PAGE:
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Am J Cardiol. 2004 Oct 1;94(7):889-94.

Comparison of the impact of atrial fibrillation on the risk of stroke and cardiovascular death in women versus men (The Copenhagen City Heart Study).

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  • 1Department of Cardiovascular Medicine, Copenhagen City Heart Study, Bispebjerg University Hospital, Copenhagen, Denmark. <>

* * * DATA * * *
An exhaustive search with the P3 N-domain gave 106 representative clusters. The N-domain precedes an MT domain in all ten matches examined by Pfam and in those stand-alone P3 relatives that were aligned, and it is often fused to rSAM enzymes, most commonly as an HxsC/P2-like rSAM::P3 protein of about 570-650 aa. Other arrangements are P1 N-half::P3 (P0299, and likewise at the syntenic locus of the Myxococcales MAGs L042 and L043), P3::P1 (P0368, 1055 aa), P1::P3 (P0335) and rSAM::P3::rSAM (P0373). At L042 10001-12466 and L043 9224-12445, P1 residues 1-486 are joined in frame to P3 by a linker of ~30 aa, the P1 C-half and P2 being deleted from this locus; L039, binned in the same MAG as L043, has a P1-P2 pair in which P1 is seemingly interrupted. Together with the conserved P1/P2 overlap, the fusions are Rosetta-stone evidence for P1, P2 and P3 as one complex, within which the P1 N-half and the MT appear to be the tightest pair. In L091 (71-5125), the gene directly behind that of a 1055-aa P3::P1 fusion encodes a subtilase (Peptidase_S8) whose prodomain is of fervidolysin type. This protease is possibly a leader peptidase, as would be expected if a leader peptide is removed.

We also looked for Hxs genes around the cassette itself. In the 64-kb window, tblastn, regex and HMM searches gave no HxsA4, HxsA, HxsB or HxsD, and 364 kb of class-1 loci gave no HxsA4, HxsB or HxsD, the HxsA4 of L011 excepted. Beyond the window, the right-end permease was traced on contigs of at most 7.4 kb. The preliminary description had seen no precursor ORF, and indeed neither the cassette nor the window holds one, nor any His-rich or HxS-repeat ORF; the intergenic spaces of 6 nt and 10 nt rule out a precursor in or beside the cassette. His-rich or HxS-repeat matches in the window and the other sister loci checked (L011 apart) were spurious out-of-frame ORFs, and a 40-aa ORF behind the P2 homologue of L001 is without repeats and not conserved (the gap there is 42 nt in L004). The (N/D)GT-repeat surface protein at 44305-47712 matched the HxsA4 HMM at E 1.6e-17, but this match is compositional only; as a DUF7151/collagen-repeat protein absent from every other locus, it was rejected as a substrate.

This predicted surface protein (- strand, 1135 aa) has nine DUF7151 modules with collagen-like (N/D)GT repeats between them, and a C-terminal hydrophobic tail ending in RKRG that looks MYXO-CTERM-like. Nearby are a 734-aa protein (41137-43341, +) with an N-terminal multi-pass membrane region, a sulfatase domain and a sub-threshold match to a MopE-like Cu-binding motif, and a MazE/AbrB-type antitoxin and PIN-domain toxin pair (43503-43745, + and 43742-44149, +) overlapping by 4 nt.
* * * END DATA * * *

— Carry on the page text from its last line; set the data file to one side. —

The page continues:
The Copenhagen City Heart Study is a population-based cohort study. Using baseline data from 3 cohort examinations (1976 to 1978, 1981 to 1983, and 1991 to 1994), we analyzed the gender-specific effect of atrial fibrillation (AF) on the risk of stroke and cardiovascular death during 5 years of follow-up. Baseline data from 29,310 subjects were included. AF was documented in 276 subjects (110 women and 166 men). During a mean follow-up of 4.7 years, 635 strokes were identified, 35 of which occurred in subjects who had AF (22 women and 13 men). After adjustment for age and co-morbidity, the effect of AF on the risk of stroke was 4.6-fold greater in women (hazard ratio 7.8, 95% confidence interval 5.8 to 14.3) than in men (hazard ratio 1.7, 95% confidence interval 1.0 to 3.0). Cardiovascular death occurred in 1,122 subjects, 63 of whom had AF (28 in women and 35 in men). The independent effect of AF on cardiovascular mortality rate was 2.5-fold greater in women (hazard ratio 4.4, 95% confidence interval 2.9 to 6.5) than in men (hazard ratio 2.2, 95% confidence interval 1.6 to 3.1). Our results indicate that AF is a much more pronounced risk factor for stroke and cardiovascular death in women than in men.

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